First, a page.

Notes from the Country
From Gail, Manaton, 22 January 2021
Lovely though Christmas is, I must admit I also enjoy January. There’s something very satisfying about taking down the Christmas tree, tidying the house, finishing all the leftovers in the larder, putting up a calendar for the new year, opening a fresh diary and generally taking stock before spring arrives. This year, during our third lockdown, these small routines seem more important than ever.
There’s an austere beauty too in the winter landscape. The sheep have cropped the grass to reveal every dip and curve in the land, the bracken has died back and the trees, now without even their tattered autumn leaves, have become living sculptures of twisted branches reaching into the sky. The winter light, low as dusk approaches, transforms the landscape and spotlights here a ridge, there a cleft in the valley.
Mind you, as I write this, Storm Christoph is upon us, great curtains of rain sweeping across the valley, every path a running stream, the sheep huddled behind dry stone walls in the lower fields, and even the dogs reluctant to go beyond the porch. And the leak in the hall roof that we have been ignoring for months is now releasing a steady drip, drip, drip into the bucket beneath it. I don’t think we can ignore it for much longer, but for now I’m retreating to the sofa each afternoon to tackle a task that always seems to sink to the bottom of my to-do list – reading memoirs that we might reissue as Slightly Foxed Editions. So far this month I’ve enjoyed the company of a child living in what was then Rhodesia, a girl growing up in Germany during the war, a Victorian family Christmas, and a childhood and adolescence in that wonderfully secure and seemingly timeless middle-class town of Tunbridge Wells.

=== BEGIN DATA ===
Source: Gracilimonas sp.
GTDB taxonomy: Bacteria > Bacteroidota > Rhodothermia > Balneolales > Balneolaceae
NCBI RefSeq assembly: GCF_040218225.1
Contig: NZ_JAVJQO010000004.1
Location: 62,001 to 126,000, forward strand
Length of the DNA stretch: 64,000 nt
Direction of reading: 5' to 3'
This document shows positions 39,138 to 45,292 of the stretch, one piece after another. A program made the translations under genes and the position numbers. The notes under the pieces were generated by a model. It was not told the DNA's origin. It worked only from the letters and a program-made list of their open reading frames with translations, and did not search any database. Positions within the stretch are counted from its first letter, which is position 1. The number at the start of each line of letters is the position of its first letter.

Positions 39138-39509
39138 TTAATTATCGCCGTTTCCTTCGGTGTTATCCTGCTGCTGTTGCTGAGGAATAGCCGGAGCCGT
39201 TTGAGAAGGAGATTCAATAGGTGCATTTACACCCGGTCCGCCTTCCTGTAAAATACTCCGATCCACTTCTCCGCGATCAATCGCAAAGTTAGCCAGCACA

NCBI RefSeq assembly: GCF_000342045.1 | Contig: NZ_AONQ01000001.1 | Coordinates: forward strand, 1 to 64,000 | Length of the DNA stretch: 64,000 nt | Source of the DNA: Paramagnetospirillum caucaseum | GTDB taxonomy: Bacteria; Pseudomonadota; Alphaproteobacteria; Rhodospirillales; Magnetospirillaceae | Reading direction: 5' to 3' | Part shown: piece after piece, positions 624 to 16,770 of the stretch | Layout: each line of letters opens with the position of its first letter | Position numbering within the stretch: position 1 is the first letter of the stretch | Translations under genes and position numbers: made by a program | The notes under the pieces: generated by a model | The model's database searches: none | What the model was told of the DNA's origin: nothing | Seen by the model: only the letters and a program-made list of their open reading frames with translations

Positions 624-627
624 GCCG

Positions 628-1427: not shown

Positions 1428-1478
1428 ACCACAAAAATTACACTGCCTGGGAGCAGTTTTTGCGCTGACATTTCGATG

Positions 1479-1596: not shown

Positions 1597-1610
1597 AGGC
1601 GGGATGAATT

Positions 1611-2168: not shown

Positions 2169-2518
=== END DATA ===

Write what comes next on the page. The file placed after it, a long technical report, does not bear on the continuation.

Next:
Meanwhile the kitchen is thick with steam and the smell of oranges. It’s marmalade time and my husband is in a state of acute anxiety. Will it set this year? How long did we boil it last year? Have we got enough jam jars? I tell him it will be fine, and delicious even if it doesn’t set, and retreat to the sofa again. There are a lot more books to be read.
In the midst of all this Sturm und Drang, both outside and in, I remind myself that spring really is on the way. A few early white and yellow crocuses have begun to emerge on our grass roof, and in the village’s more sheltered corners snowdrops are out, and even one small brave stand of daffodils. Our two witch hazels are also in flower, their bright yellow filaments glowing on bare stems and smelling sweetly. And seed catalogues have started to arrive, a timely promise of renewal and new life.
From Steph, Compton, 22 January 2021
The Christmas decorations are packed away, thank-you letters have been written and New Year greetings exchanged with family and friends. The list of resolutions that I used to enjoy drawing up is these days trimmed to a more realistic one or two. The French class, the ukulele lessons and Pastel-Portrait Painting for Beginners will have to wait until next year. For now I’ve resolved to read a book a week. However, starting with Bernadine Evaristo’s Girl, Woman, Other (joint winner of last year’s Booker Prize) was probably not the best choice because, wonderful though it is, it runs to 450 pages. Perhaps three books a month would be more sensible.